If you’re a Techie, or a highly skilled computer user, it’s very likely that you have the knowledge and skill to make adjustments to virtually all of your operating system manually, using the Services option of Administrative Tools to attain maximum performance.

But a novice, casual, or even an intermediate computer user, will often need a software tool to help determine which services and system components can be safely modified.

Fortunately, there are a number of free tools available that will help any computer user, novice or not, to determine which services or system components can be safely modified.

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Cerberus Security Guard, a free application from Best Security Tips, will allow a user to increase system security by disabling or optimizing selected services and system components from a central console. As well, modifications can be made to the operations of Internet Explorer, FireFox/Mozilla, and Media Player.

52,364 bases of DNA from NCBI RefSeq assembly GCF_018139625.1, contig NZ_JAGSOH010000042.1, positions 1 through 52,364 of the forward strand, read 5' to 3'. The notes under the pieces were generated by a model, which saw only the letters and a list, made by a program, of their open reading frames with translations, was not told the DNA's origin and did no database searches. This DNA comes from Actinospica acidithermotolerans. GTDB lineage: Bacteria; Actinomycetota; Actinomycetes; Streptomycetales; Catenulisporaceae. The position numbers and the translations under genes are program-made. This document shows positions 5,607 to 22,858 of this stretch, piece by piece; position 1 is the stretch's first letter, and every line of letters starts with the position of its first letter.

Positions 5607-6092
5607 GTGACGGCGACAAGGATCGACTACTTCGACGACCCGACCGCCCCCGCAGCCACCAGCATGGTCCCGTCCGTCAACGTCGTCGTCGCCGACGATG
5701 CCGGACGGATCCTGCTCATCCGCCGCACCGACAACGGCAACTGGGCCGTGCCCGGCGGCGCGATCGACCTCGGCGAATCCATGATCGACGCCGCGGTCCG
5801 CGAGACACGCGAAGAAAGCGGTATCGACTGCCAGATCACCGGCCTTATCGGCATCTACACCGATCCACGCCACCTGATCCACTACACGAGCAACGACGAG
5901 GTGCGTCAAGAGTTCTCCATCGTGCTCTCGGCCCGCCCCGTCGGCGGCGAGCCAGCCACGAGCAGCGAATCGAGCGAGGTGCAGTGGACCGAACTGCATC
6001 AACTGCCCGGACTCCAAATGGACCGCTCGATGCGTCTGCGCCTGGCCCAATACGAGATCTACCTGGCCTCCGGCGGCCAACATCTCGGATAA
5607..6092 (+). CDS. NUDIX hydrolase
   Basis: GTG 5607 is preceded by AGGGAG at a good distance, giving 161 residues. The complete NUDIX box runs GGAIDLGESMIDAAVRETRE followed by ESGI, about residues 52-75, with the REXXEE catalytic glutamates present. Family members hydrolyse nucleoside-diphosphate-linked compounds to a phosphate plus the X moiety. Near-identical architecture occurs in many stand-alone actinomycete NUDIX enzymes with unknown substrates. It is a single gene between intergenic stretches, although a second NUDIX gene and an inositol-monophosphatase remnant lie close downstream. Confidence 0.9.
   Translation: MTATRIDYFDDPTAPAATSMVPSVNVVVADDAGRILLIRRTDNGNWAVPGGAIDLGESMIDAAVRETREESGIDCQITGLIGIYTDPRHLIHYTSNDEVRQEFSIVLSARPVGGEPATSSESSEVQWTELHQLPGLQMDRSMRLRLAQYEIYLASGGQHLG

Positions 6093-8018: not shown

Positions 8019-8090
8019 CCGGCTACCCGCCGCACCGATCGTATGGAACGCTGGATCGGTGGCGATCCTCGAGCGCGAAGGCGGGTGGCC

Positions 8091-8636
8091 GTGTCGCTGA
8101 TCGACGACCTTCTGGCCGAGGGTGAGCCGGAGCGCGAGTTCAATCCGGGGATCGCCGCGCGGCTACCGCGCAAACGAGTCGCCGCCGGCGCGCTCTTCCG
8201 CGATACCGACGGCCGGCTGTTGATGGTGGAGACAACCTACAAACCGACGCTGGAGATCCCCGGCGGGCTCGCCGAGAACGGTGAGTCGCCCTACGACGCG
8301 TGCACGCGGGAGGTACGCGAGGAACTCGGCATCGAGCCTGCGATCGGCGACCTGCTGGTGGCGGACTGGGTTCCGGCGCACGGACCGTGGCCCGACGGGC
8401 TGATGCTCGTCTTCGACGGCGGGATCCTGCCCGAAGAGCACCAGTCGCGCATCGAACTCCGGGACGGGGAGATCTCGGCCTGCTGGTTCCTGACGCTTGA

Since adjusting service settings incorrectly has the potential to create some rather nasty problems, the program offers both a Backup and a Restore function.

An additional advantage in optimizing services and system components is it can often lead to improvements in system performance and boot time; although it’s fair to say that in the Tech community there is some disagreement as to whether this is an accurate statement.

If you decide to install this small application you can determine for yourself if you’ve had an improvement in system performance.